A function in splicing versus a function in translational control – why not both?
U2AF proteins are best known for their functions in spliceosomal processing of pre-mRNAs where a homodimer of U2AF65 and U2AF35 functions in recognition of the 3′ splice site. The smaller subunit, U2AF35, contains two zinc fingers (ZnFs). Mutations therein have recently been associated with malignant transformation. The molecular function(s) of the two domains have, however, not been studied in great detail.
A collaborative effort, spearheaded by the Heyd lab at the Free University of Berlin, now revealed that the two ZnFs have remarkably different activity. Both are required for splicing regulation, whereas only ZnF2 controls protein stability and contributes to the interaction with U2AF65.
Intriguingly, a naturally occuring splice variant of U2AF26, a paralog of U2AF35, lacks the second ZnF. It is upregulated upon activation of primary mouse T cells and localizes to the cytoplasm, suggesting a splicing-independent function. Employing ribosome profiling in a model T cell line, we provide evidence for a role of U2AF26 in activating cytoplasmic steps in gene expression, notably translation. Consistently, an MS2 tethering assay shows that cytoplasmic U2AF26/35 increases translation when localized to the 5ʹUTR of a model mRNA. This regulation is partially dependent on ZnF1 thus providing a connection between a core splicing factor, the ZnF domains and the regulation of translation. Altogether, our work reveals unexpected functions of U2AF26/35 in mammalian cells beyond the regulation of splicing.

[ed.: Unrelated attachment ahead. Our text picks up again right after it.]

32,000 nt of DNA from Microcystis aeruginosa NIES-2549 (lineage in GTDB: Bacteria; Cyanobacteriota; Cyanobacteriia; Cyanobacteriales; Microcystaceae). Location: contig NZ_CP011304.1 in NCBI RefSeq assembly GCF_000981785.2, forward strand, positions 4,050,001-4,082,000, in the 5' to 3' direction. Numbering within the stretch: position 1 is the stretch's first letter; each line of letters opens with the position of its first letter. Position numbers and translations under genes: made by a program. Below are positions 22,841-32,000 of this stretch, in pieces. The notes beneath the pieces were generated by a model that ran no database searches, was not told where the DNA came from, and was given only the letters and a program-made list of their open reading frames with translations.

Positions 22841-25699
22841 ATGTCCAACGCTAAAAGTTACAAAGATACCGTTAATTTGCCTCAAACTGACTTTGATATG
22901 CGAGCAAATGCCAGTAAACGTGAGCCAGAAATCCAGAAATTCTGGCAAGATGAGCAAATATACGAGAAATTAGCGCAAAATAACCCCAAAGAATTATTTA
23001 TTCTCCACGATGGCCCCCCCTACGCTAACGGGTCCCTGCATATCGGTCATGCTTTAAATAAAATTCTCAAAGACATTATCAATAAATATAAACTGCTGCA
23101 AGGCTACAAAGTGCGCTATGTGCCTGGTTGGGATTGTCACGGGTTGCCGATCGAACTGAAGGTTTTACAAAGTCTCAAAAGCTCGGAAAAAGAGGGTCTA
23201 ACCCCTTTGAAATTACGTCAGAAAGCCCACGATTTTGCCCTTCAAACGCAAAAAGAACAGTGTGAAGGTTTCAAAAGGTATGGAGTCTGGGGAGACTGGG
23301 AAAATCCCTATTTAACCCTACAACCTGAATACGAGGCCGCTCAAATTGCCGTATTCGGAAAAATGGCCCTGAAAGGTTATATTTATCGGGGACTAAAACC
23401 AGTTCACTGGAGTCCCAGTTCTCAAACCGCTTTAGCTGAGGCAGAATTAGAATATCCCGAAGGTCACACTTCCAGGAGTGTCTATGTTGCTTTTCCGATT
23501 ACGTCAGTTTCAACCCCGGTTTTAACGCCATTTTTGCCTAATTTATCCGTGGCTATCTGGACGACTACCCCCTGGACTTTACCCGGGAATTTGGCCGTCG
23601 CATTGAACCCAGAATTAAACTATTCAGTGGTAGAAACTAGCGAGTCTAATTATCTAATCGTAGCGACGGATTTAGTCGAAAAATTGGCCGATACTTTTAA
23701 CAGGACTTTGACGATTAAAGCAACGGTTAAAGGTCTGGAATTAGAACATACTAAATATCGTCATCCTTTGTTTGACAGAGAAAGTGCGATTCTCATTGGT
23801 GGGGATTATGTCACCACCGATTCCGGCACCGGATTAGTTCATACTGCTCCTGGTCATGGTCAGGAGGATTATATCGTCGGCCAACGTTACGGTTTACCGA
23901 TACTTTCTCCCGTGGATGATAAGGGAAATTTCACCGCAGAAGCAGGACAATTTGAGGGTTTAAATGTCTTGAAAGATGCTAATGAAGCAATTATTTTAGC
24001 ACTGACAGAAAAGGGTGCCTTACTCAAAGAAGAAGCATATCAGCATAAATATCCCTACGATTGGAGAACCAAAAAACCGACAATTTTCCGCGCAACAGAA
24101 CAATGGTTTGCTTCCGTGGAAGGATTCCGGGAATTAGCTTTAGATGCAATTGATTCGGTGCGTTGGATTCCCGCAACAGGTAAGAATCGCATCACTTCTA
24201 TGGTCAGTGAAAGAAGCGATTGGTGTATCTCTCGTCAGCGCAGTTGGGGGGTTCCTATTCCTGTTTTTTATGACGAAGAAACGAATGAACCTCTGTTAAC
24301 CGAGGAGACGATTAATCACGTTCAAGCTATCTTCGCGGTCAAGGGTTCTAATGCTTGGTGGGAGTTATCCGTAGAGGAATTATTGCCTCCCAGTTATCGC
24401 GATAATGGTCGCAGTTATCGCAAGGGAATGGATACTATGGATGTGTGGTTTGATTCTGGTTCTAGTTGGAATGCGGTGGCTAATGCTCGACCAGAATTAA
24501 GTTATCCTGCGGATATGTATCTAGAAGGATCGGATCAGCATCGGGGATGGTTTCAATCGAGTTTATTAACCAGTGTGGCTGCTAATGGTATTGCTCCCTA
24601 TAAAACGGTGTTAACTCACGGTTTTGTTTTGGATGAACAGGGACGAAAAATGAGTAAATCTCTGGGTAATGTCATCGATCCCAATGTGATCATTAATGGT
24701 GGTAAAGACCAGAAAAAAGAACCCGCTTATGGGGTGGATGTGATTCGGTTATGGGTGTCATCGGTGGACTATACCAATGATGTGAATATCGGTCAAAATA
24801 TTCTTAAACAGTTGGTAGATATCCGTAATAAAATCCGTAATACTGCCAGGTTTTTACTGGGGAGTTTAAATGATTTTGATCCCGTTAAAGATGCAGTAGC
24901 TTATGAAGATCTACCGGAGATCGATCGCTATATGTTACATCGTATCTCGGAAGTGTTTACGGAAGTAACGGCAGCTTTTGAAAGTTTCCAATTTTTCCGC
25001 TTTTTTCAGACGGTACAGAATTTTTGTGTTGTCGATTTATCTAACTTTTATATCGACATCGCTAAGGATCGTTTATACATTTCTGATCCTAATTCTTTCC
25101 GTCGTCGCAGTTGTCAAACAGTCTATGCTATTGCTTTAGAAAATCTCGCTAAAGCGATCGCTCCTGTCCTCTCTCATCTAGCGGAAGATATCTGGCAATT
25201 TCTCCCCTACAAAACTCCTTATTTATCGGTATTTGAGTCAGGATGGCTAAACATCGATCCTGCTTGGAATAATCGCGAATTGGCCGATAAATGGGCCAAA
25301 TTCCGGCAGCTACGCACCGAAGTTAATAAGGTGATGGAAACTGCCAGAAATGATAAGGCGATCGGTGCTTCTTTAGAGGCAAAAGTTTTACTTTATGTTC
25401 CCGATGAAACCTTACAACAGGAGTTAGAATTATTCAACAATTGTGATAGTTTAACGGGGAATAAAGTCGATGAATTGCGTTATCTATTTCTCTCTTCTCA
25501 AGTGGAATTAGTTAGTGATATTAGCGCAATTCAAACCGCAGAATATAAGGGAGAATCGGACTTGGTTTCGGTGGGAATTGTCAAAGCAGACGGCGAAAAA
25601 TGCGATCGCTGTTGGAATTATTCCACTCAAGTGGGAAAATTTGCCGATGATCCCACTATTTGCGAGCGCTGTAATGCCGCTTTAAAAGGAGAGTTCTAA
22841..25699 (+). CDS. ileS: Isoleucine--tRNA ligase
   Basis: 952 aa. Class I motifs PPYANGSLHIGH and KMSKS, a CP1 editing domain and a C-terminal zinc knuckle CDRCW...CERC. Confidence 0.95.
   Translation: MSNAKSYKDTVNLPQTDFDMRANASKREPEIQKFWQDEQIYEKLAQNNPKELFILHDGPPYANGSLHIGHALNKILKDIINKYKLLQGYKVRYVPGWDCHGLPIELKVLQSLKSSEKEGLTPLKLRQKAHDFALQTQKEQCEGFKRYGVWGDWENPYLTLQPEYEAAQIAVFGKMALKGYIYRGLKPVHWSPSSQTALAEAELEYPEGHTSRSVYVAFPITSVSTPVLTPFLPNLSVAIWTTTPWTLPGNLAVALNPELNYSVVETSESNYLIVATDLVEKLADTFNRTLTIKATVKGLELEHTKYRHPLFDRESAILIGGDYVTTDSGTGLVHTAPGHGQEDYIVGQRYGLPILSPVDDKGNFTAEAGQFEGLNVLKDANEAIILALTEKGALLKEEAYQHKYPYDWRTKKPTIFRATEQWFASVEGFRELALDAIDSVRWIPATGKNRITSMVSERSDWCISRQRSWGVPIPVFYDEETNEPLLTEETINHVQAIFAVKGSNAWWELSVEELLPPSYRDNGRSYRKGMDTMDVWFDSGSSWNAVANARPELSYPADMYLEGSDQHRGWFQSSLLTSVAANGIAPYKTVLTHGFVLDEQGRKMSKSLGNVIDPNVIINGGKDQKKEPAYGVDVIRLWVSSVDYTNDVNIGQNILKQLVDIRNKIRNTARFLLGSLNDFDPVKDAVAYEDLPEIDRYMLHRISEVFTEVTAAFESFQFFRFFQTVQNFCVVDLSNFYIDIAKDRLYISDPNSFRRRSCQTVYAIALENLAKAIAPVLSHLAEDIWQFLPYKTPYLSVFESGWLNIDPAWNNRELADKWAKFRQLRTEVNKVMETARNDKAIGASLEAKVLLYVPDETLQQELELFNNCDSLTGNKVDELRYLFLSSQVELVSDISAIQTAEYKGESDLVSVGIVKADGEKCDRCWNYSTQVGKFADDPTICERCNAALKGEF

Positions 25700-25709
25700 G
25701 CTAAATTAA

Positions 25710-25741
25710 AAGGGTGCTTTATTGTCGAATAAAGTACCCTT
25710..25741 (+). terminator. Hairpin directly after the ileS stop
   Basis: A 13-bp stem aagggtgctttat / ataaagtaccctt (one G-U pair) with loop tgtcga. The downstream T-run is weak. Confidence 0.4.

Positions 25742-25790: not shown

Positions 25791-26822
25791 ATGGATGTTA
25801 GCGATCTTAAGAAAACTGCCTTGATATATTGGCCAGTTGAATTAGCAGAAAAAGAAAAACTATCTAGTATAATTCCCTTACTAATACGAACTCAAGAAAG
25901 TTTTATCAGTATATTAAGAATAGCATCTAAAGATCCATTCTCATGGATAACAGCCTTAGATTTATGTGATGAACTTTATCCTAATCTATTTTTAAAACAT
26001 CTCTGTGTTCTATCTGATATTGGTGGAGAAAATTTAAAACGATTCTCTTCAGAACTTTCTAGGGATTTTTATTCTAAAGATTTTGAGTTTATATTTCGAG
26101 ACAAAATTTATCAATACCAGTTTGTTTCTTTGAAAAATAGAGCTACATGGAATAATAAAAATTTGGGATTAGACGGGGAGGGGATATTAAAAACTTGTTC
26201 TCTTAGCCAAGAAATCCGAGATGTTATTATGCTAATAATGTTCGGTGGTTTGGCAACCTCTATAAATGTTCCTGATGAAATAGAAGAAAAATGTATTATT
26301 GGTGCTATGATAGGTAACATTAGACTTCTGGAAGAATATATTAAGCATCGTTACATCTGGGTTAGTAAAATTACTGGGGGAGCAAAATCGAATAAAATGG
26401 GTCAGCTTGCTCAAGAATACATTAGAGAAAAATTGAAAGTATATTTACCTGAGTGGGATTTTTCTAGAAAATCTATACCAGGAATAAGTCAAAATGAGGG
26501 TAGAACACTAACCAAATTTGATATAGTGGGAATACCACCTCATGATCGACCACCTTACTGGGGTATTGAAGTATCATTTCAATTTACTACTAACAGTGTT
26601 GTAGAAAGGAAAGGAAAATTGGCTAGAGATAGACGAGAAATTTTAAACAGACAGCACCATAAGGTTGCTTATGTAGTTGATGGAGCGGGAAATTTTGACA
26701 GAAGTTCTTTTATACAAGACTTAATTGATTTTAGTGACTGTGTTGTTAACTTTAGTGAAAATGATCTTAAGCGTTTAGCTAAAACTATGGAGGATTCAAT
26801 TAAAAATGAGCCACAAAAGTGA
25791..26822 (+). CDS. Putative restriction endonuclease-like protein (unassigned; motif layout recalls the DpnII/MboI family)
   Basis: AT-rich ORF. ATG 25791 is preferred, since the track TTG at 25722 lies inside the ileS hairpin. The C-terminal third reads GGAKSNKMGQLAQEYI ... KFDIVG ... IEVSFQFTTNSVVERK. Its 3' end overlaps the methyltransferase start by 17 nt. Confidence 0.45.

Check out the exciting paper in RNA Biology: https://doi.org/10.1080/15476286.2020.1732701